"When I first started flying in northern Virginia, my home airport was surrounded by open fields. No longer. Several housing developments now occupy that once-empty space, and other open areas are gradually filling in. Nowadays, many of the airports that GA pilots call home are surrounded by other people’s actual homes. We pilots can huff and puff all we want to about how the airport was here first, and how “those people knew” that buying property near an airport would mean tolerating a certain amount of noise. Our huffing and puffing is pointless if “those people” complain to elected officials who would happily see the airport closed and consigned to “other economic uses.”"
"It is incumbent upon all of us to do as much as we can do to reduce the noise impact on our neighbors. If there are residential developments near your airport, it’s a good bet that airport management has, so to
speak, “heard” from them and worked out a noise mitigation plan that could include non-standard traffic patterns, designation of a calm wind
runway that reduces traffic over more congested areas, and other such measures. Learn what noise mitigation measures exist at the airports you use and follow them as closely as you can."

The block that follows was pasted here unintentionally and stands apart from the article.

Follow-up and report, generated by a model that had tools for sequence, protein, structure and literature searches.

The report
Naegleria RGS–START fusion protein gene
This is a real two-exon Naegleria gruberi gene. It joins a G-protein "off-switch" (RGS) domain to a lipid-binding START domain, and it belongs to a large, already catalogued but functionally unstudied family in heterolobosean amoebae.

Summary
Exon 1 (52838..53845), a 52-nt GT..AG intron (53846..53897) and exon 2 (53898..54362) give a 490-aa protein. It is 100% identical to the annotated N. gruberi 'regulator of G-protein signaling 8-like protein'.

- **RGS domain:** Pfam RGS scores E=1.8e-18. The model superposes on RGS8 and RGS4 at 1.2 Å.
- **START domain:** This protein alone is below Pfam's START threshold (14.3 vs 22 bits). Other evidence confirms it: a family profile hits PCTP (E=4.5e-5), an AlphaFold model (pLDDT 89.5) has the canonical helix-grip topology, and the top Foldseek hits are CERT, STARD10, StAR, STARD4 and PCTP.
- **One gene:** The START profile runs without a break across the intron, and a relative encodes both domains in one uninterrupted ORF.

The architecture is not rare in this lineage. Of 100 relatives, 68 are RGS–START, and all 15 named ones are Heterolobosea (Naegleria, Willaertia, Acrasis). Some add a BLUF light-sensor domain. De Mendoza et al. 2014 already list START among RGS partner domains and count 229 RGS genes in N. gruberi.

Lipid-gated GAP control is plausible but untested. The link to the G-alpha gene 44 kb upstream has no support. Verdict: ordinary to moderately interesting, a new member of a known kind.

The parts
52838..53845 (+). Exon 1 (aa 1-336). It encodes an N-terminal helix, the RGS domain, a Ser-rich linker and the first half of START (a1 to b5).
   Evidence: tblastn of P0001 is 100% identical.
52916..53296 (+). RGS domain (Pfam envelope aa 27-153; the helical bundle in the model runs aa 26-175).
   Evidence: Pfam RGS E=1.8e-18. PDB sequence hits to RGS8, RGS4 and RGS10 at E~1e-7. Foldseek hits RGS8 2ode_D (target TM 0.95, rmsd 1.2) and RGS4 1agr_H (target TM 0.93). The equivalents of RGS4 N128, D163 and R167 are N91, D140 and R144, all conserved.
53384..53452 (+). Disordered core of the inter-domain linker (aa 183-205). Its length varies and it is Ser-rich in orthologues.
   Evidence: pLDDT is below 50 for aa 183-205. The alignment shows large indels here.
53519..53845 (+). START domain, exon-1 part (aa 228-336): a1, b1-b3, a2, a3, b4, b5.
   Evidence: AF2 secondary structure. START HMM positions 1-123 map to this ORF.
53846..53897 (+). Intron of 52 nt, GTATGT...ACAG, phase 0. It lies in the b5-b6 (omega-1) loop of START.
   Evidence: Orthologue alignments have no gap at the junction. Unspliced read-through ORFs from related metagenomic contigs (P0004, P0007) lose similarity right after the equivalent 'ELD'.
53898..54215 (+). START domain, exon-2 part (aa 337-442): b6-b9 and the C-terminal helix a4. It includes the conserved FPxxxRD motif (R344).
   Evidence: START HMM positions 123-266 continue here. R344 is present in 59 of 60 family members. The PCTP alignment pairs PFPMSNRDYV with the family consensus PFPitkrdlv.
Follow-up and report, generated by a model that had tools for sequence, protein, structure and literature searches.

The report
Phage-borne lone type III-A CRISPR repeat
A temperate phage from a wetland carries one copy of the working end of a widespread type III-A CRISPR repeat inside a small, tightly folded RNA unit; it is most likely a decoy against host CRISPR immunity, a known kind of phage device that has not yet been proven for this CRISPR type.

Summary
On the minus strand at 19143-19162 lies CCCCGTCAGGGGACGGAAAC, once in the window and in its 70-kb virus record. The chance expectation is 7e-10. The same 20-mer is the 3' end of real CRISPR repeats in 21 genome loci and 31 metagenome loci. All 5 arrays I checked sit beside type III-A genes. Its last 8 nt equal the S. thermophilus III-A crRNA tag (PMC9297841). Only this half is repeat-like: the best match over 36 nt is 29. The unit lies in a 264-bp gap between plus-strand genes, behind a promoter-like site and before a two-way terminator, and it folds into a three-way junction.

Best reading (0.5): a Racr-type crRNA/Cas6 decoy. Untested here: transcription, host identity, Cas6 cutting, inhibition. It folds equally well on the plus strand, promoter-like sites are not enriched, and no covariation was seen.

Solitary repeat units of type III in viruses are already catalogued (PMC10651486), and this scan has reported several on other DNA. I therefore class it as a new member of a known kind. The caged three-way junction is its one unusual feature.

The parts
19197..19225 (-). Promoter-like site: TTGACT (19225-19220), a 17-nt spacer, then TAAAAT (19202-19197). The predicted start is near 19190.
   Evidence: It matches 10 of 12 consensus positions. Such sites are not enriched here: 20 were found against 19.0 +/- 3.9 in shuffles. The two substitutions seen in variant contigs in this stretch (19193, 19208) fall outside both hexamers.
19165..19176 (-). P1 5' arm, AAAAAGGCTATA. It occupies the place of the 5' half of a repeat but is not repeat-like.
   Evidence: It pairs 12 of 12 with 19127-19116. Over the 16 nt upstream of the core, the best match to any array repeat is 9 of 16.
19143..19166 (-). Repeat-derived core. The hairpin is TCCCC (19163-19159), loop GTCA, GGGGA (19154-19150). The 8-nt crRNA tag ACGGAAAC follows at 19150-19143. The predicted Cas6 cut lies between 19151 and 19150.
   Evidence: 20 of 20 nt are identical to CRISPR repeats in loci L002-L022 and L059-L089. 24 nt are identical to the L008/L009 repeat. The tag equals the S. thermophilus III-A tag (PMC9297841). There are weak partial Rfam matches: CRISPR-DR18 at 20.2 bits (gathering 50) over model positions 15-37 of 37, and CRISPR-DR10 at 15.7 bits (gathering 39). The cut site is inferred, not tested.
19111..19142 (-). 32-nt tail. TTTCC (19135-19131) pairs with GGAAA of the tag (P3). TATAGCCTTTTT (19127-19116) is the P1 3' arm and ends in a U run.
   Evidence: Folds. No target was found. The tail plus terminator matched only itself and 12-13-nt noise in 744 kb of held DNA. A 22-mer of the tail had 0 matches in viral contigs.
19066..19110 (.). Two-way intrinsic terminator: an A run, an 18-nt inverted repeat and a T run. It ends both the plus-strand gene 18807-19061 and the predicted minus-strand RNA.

"Another way to fly friendly is to avoid prolonged maneuvering over any given area. That silo may be perfect for practicing turns around a point, but the folks in the farmhouse next to it may not consider their neighborhood to be as “uncongested” as it appears to you. That also applies to operating near environmentally-sensitive areas that are marked on sectional charts."
Read the original article here.
Cutting Through All the Noise: How the FAA is Working to Reduce the Impact of Aircraft Noise
By Tom Hoffmann, FAA Safety Briefing Managing Editor
"Despite this favorable shift over time, a recent noise survey revealed a somewhat curious discovery. Data from the FAA’s Neighborhood Environmental Study (NES), which was released this past January, indicated a substantially higher percentage of people were “highly annoyed” over the entire range of aircraft noise levels, including those at lower levels (below DNL 65 dBA)."
"It’s worth noting that the single most influential factor in reducing aircraft noise exposure has been the transition to quieter aircraft over
the years through stringent noise standards."
"Additionally, the agency continuously reviews air traffic procedures across the country to find ways to reduce aircraft noise while maintaining safety. For example, we’re already seeing noise (and fuel) benefits from the use of idle thrust approaches and narrower flight paths with performance-based navigation procedures for both commercial and general aviation operations."
Read original article here.